Can we really change? Are we allowed to embrace changes in everyday life? Is there really a way out in this confusing era where morality, sexuality and values get entangled in a way that defies clear judgment calls?
"Possible Changes", released yesterday, tackles such bewildering questions by zooming in on the gloomy, lonely lives of two men. Notable is the opening scene where Moon-ho (Jung Chan
) and Jong-kyu (Kim Yu-seok
) sit on the edge of a cliff and watch the sea together.
It is relatively easy to see that the cliff symbolizes the precarious situations forcing modern (or postmodern) people to find some solutions. The sea, accordingly, points to the ideal possibility that can reshape their frustrating life.
Clear-cut interpretation, however, stops right there. From this point on, director Min Byeong-kook
, who had worked as an assistant director in the 1998 film "Power of Kangwon Province" with director Hong Sang-soo
, tells a puzzling story whose theme is deeply elusive.
Moon-ho and Jong-kyu are childhood friends. In their mid-thirties, they seem to have no clear direction in their life - except for a towering, uncontrollable desire to have sex with women.
They together sleep with a woman they happen to seduce in a restaurant - a menage-a-trois affair, which is rarely described in a Korean film. Embedded in a graphic scene is the connection that binds the two men as well as a faintly distinctive line that separates the two.
The fact that they commit the extramarital one-off affair together implies their connection in terms of human desire. They sort of acknowledge and support their libido. They are willing to go as far as they can, if the situation permits them to do so together.
But the two men are intriguingly different. It is Jong-kyu who first makes a move toward the woman. In fact, Jong-kyu never hides his sexual desire and is quick to put some action into his fantasy. His physical handicap (perhaps due to a paralyzing disease) accentuates his eccentricity.
So it is hardly surprising that Jong-kyu asks the woman to do some quirky acts on the bed, which she refuses vehemently. Yet it is too early to conclude that Jong-kyu is a hopeless pervert. Or the only pervert. When the squabble takes place on the bed, Moon-ho, who is sitting naked in the corner, suddenly stands up and hits the woman on the head, revealing his raw, animalistic aspect.
Moon-ho's sudden burst of violence is all the more shocking because he has been quite silent and reserved until that moment. His dualism is revealed further as the story unfolds in connection with his other affair.
Moon-ho's is an author, but it seems that he is not a popular writer. Even whether he has ever published any book is not clear. What is evidently suggested here is that he has a knack for writing shamelessly romantic letters - not to his loyal wife but to a woman he meets through online chatting.
Moon-ho is also adept at telling lies about his job and other details when he attempts to seduce Yoon-jung, a successful securities firm employee. After they sleep together in a shabby hotel, Yoon-jung tells him that their affair is now over. But this supposedly intellectual worker does not give up on his unlimited desire. "Please, let's meet just once again", he implores.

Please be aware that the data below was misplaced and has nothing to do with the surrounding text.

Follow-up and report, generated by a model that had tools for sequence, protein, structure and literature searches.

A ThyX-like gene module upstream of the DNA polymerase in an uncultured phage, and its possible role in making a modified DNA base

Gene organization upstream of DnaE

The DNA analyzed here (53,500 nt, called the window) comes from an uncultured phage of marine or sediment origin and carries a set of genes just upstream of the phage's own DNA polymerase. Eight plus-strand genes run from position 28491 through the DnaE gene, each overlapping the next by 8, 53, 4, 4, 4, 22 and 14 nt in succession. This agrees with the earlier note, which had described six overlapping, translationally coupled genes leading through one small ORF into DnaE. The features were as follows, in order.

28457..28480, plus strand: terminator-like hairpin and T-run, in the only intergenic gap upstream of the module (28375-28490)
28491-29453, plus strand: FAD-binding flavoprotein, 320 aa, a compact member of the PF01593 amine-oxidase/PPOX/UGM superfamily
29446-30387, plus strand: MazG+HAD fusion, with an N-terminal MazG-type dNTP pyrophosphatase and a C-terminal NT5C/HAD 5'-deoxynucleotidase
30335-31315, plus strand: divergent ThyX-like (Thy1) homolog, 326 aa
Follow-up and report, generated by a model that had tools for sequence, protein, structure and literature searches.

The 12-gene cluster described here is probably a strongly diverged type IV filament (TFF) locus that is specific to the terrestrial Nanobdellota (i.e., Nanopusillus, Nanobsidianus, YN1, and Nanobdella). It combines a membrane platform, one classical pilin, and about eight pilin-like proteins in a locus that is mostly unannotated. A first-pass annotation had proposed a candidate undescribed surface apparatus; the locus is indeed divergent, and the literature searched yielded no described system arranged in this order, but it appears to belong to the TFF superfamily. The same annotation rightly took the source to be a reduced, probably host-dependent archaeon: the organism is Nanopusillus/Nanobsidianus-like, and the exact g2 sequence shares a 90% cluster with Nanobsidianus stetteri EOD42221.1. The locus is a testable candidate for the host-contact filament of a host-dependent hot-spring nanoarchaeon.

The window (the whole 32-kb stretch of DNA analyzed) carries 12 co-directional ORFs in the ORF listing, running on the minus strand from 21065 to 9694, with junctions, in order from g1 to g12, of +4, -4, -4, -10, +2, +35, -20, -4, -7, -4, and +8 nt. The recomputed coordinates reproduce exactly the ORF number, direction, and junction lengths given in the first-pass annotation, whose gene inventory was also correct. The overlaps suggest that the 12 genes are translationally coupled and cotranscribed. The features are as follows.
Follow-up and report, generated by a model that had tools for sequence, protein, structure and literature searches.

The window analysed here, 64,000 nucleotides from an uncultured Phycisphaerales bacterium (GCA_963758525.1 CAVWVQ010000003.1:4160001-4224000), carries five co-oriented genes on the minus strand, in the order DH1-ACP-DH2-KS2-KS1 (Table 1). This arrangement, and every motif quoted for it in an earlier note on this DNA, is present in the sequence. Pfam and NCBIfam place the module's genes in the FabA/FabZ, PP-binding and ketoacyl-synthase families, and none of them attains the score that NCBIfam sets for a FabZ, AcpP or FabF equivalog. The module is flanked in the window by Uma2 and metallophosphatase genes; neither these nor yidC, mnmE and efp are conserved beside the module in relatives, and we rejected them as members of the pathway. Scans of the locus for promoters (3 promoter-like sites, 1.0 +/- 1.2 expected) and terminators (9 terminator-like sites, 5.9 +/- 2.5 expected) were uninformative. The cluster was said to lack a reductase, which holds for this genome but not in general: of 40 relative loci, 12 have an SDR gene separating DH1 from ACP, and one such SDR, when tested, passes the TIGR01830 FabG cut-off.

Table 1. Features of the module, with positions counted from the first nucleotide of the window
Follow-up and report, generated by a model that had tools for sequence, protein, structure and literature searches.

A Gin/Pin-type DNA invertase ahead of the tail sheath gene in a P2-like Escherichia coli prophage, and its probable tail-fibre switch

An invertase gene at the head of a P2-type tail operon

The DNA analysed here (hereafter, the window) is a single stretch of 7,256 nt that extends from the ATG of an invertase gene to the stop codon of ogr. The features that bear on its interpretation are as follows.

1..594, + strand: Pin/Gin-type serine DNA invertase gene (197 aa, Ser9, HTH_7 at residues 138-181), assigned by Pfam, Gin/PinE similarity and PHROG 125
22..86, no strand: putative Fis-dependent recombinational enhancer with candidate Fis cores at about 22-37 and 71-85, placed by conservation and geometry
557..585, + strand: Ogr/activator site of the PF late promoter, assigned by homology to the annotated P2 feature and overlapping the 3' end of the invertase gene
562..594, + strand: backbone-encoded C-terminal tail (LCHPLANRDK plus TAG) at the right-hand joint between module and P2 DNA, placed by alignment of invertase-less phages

The director shows how Moon-ho sets up an excuse and deceives his wife to meet the woman for an affair, a technique that is widely known by director Hong Sang-soo
and his candid yet sarcastic films.
The same penetrating perspective is applied to the wandering of Moon-ho's best friend Jong-kyu, who is now staging an affair with his first love, Soo-hyun (Shin So-mi). He visits a provincial university where his college sweetheart is teaching. Sadly, Soo-hyun is married to a successful prosecutor.
Jong-kyu and Soo-hyun end up in an expensive hotel. A hilarious moment comes when Jong-kyu, a researcher who does not make much money, asks her to use her credit card for the hotel room, only to get rejected.
He pays the bill, but things do not go as he wishes. Jong-kyu wants to revive the relationship with his sweetheart seriously, imagining that he might redesign his life altogether.
However, Jong-kyu is stuck with his life and continues to maintain an illicit relationship with an office colleague, who has to go through an abortion due to their careless sex. Is there real love between Jong-kyu and the colleague? Not really. But the director seems to tell something when he places the ill-fated couple in a dirty hotel room near the Han River. The reason: the female colleague wants to sleep in a hotel overlooking a bridge - another symbolism for hope.
The last scene is particularly confusing largely because it is the first scene where the two men are sitting together on the cliff, watching the sea. The difference is that an incident takes place, but its implication in the movie - whether changes are possible in our boring, immoral life - is hard to guess.
In a press screening, director Min had to answer the ultimate question regarding the last scene, but his answer was as puzzling as the movie itself: "I don't know".
By Yang Sung-jin